Friday, March 08, 2013

Extreme bafflement

Stalinist propaganda 
To most of the democratically governed world, former Soviet dictator Joseph Stalin (1878-1953) was a despot and mass murderer. To others, he is a beloved figure. The city of his birth, Gori in Georgia, is home to the Stalin Museum and birthplace. Adjoining buildings house artifacts from his life, and for all intents and purposes, are virtual shrines that serve the cult of personality that surrounds him to this day.

Now that the Soviet Union has collapsed, it is one of the unfathomable mysteries of history that a such an evil man could be so loved and admired. After he assumed and consolidated his power, it is believed that with the purges of his enemies, forced famines of the Soviet populace, state terrorism, incarcerations in labour camps, and forced migrations, Stalin was responsible for the death of as many as 40 million people within the borders of the Soviet Union.

So cold and evil was he, and completely unmoved by this massive death toll, that he is believed to have said that, "One death is a tragedy, one million is a statistic." 

By the time of his death in 1953, he was a sick and paranoid man, believing that his cronies were plotting to kill him.

He suffered a stroke on March 1, 1953, and died 4 days later. 

In his seminal 1992 work, Hitler and Stalin: Parallel Lives, British historian Alan Bullock (1914-2004) narrates Stalin's slow, agonising death as follows, as recounted by his daughter, Svetlana:

"The death agony was terrible. God grants an easy death only to the just. He literally choked to death as we watched. At what seemed the very last moment he suddenly opened his eyes and cast a glance over everyone in the room. It was a terrible glance, insane or perhaps angry and full of fear of death...Then something incomprehensible and terrible happened that to this day I can't forget...He suddenly lifted his left hand as though he were pointing to something up above and bringing down a curse on us all. The gesture was incomprehensible and full of menace..The next moment, after a final effort, the spirit wrenched itself free of the flesh."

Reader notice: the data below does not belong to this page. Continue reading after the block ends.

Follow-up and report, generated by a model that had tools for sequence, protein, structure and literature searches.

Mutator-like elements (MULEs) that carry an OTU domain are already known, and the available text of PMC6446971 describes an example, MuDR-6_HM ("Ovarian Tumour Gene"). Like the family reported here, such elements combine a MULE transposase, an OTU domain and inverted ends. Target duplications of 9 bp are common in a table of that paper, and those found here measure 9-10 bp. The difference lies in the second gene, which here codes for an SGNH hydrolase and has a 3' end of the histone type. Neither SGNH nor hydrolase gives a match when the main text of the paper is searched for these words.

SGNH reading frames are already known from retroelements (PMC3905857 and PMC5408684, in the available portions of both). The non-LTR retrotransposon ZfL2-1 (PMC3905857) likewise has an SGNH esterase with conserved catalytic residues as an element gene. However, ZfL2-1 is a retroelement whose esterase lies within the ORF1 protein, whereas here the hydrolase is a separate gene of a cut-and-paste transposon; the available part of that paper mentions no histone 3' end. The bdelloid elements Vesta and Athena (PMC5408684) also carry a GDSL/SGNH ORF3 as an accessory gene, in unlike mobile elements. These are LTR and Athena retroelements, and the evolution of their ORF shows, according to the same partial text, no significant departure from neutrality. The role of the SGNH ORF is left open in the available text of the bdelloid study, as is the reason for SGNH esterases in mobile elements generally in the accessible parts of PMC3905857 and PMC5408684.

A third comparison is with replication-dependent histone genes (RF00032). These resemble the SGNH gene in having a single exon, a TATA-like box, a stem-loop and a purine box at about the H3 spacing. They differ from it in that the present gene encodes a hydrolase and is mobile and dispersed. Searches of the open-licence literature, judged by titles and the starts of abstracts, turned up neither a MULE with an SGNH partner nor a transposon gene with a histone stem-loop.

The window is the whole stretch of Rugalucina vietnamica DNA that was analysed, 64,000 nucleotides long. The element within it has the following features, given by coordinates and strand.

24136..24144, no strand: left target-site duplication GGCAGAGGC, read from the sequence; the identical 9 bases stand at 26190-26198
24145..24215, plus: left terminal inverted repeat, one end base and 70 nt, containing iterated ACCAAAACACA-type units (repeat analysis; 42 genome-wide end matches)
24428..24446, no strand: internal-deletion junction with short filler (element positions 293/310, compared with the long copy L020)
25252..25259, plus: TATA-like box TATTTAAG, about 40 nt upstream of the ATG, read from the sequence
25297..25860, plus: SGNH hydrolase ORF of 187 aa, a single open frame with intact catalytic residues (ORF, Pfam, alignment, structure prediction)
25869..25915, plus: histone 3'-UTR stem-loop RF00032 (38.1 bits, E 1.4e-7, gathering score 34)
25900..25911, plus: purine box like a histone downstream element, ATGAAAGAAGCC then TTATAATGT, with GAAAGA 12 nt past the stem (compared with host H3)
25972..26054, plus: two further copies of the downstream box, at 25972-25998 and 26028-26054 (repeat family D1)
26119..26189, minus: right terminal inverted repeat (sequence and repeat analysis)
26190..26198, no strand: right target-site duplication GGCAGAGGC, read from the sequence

It must have been terrible to die with the blood of millions of innocent people on one's hands, and as a former Orthodox seminarian who died having made an enemy of God. There is nothing here to indicate that Stalin felt any remorse over his crimes. It gets you thinking; it's certainly not the way I would want to die. God doesn't want anyone to die estranged from Him (2 Peter 3:9). Only God knows what is in a person's heart, and I'm not so presumptuous and arrogant as to judge who is and isn't worthy of salvation, because only God can judge. If Stalin had repented of his sins and sought God's forgiveness late in life, accepting the gift of salvation, he would have received it. Some people are so hardened against God that they are beyond help, and Stalin was one of them. 

1 comment:

Dina said...

It is strange that people have a fondness for Stalin. Is it because they themselves are evil and agree with the evil he did? Or do they block out/ignore the bad thing he did and cling to some idealized version of him.